Commands by jianingy (9)

What's this?

commandlinefu.com is the place to record those command-line gems that you return to again and again. That way others can gain from your CLI wisdom and you from theirs too. All commands can be commented on, discussed and voted up or down.

Share Your Commands


Check These Out

Convert JSON to YAML
This is based on __unixmonkey73469__ answer. You will need to supply `--multiline 1` option to JSON importer if your .json is multiline (i.e. it was prettyfied) And you still need catmandu installed via `cpanm Catmandu`

Inserts the results of an autocompletion in the command line
Pressing ESC then * will insert in the command line the results of the autocompletion. It's hard to explain but if you look the sample output or do $ echo ESC * you will understand quickly. By the way, few reminders about ESC : - Hold ESC does the same thing as tab tab - 'ESC .' inserts the last argument of last command (can be done many times in order to get the last argument of all previous commands)

find unreadable file

Create a 5 MB blank file
Useful for testing purposes

list block devices
Shows all block devices in a tree with descruptions of what they are.

Convert seconds to [DD:][HH:]MM:SS
Converts any number of seconds into days, hours, minutes and seconds. sec2dhms() { declare -i SS="$1" D=$(( SS / 86400 )) H=$(( SS % 86400 / 3600 )) M=$(( SS % 3600 / 60 )) S=$(( SS % 60 )) [ "$D" -gt 0 ] && echo -n "${D}:" [ "$H" -gt 0 ] && printf "%02g:" "$H" printf "%02g:%02g\n" "$M" "$S" }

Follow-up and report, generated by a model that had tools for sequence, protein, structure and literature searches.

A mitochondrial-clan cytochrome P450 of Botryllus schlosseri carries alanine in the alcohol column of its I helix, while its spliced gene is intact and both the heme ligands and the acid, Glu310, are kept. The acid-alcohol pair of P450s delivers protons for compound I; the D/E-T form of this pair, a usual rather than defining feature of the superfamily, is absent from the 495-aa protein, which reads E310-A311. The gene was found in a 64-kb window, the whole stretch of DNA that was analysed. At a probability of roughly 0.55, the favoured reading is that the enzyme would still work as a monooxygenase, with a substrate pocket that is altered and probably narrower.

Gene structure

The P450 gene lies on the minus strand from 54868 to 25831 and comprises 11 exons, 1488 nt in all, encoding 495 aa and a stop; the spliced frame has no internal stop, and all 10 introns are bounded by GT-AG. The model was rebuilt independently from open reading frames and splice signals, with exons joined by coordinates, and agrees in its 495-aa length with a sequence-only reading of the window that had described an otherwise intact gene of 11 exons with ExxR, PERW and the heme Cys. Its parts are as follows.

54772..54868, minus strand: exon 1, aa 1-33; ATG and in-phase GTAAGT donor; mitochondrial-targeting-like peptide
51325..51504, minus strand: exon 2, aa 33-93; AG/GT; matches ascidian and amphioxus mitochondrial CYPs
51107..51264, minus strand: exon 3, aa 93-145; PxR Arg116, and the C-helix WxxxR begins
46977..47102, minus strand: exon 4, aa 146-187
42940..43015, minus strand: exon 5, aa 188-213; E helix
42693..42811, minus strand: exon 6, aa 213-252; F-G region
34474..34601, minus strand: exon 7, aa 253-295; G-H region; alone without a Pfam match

Display a list of committers sorted by the frequency of commits
Use this command to find out a list of committers sorted by the frequency of commits.

Create arbitrary big file full of zeroes but done in a second
If you want to create fast a very big file for testing purposes and you do not care about its content, then you can use this command to create a file of arbitrary size within less than a second. Content of file will be all zero bytes. The trick is that the content is just not written to the disk, instead the space for it is somehow reserved on operating system level and file system level. It would be filled when first accessed/written (not sure about the mechanism that lies below, but it makes the file creation super fast). Instead of '1G' as in the example, you could use other modifiers like 200K for kilobytes (1024 bytes), 500M for megabytes (1024 * 1024 bytes), 20G for Gigabytes (1024*1024*1024 bytes), 30T for Terabytes (1024^4 bytes). Also P for Penta, etc... Command tested under Linux.

split a multi-page PDF into separate files
Have to do this once per output file, because if device is 'pdfwrite', even if 'gs' sees '%d' in the OutputFile it still only creates one single output file. Embed it into a simple shell script if you want to split a document out into one file for every page.

Combining text files into one file


Stay in the loop…

Follow the Tweets.

Every new command is wrapped in a tweet and posted to Twitter. Following the stream is a great way of staying abreast of the latest commands. For the more discerning, there are Twitter accounts for commands that get a minimum of 3 and 10 votes - that way only the great commands get tweeted.

» http://twitter.com/commandlinefu
» http://twitter.com/commandlinefu3
» http://twitter.com/commandlinefu10

Subscribe to the feeds.

Use your favourite RSS aggregator to stay in touch with the latest commands. There are feeds mirroring the 3 Twitter streams as well as for virtually every other subset (users, tags, functions,…):

Subscribe to the feed for: